No-hitters in baseball are a rarity. Double no-hitters are almost unheard of.
A Google search indicated that there has never been a double no-hitter in the major leagues. A search of The New York Times’ archives found that, although minor league records are incomplete, there are two recorded instances of double no-hitters at the minor-league level — in 1952 and 1992.
And then there was the double no-no that Bishop McGann-Mercy and Greenport shared on April 12, 2010, at Greenport High School. Fans might have anticipated a pitcher’s duel when McGann-Mercy’s Pat Stepnoski and Greenport’s Shaun Hansen were paired up against each other in the Suffolk County League VIII game, but no one could have predicted what they would see.
Both pitchers fired no-hitters and the game’s only run was scored on another rarity: a steal of home plate.
Tom Kretz was responsible for the run, stealing home in the second inning. He had drawn a one-out walk before stealing second base, third and then home. When catcher Michael Reed threw the ball back to Hansen after a pitch, Kretz broke for the plate and made it easily. The right fielder had four stolen bases on the day.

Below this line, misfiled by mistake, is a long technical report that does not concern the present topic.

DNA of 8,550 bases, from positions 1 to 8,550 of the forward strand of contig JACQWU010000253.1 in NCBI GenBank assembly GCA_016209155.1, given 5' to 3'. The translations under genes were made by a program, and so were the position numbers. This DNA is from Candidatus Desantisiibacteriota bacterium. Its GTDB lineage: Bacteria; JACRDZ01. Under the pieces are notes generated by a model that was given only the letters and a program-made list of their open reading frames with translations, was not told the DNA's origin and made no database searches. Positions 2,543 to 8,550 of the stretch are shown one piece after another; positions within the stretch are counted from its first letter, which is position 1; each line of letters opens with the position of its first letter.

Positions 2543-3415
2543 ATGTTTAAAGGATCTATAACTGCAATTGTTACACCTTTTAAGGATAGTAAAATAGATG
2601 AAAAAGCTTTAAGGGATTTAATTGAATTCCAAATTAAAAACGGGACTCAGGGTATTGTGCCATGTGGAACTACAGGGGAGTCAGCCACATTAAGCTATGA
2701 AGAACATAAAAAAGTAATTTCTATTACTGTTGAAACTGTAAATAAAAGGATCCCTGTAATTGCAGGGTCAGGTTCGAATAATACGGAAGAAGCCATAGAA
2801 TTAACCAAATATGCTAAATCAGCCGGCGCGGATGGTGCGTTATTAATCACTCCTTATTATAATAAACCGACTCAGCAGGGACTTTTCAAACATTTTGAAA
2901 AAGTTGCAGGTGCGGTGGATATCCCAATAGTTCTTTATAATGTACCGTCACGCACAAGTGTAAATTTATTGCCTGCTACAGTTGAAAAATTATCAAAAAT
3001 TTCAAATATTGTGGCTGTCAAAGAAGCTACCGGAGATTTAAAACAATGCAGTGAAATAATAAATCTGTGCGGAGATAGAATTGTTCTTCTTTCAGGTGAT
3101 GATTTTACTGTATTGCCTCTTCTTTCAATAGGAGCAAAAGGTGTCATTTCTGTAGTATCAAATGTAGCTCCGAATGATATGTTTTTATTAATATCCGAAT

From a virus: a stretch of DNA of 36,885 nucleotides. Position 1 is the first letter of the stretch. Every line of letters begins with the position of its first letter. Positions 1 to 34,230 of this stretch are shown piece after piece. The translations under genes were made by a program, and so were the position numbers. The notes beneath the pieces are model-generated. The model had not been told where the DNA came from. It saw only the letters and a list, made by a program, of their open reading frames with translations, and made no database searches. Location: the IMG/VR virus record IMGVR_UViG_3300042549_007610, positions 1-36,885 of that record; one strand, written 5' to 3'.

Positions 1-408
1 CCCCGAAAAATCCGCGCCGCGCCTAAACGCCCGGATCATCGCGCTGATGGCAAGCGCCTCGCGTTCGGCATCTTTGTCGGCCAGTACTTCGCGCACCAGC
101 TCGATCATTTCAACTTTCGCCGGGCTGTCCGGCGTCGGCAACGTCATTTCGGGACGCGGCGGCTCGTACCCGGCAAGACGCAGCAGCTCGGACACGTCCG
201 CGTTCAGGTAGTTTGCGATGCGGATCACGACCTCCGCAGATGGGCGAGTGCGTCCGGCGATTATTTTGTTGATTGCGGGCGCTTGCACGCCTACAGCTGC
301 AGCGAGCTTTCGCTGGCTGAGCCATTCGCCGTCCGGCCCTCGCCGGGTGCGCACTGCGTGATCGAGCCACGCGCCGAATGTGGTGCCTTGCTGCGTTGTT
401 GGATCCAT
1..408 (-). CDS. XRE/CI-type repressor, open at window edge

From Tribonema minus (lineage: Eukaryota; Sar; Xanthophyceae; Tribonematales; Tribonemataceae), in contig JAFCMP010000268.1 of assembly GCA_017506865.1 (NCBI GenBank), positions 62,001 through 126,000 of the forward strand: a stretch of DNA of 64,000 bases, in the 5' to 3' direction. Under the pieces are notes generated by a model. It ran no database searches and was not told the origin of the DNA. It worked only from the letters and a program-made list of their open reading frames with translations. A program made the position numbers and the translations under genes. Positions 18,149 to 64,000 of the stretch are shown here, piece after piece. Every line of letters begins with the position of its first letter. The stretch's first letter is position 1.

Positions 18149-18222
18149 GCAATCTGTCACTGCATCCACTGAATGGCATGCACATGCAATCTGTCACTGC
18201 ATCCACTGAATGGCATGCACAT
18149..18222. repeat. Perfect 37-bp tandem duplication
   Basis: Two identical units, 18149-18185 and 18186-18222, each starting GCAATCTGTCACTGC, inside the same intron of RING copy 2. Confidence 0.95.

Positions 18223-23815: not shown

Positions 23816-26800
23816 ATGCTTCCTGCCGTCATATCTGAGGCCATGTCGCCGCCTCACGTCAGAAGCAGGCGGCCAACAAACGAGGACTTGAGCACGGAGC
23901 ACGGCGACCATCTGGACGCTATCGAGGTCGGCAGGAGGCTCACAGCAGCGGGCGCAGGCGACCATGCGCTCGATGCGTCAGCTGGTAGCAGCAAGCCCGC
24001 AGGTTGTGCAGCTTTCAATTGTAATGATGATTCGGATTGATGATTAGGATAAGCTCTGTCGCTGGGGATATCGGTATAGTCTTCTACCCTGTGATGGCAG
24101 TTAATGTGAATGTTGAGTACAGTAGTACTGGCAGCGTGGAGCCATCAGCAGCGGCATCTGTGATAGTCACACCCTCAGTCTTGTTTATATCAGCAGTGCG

Not even wet conditions (a light rain fell early and late in the game) prevented the two pitchers from shutting down the opposing team’s bats.
Stepnoski, supported by errorless defense behind him, fell two walks shy of a perfect game. The junior right-hander threw primarily fastballs with a couple of sliders, and fired 13 strikeouts. He was economical, needing only 86 pitches, 54 of which were strikes.
“It was, bar none, the best he has ever looked,” said McGann-Mercy coach Ed Meier.
Hansen, a senior right-hander, had to work a little harder. His 115-pitch performance featured 11 strikeouts and three walks. He mixed two-seam fastballs with curveballs.
It was the first varsity no-hitter for both pitchers.
Greenport coach Mike Reed was irate over the three errors his team made and what he cited as bad judgment by the Porters in the batter’s box.
“I’ll take this one to the grave,” he said. “That’s how bad I feel for [Hansen]. This kid gives you everything day in and day out, and we can’t produce.”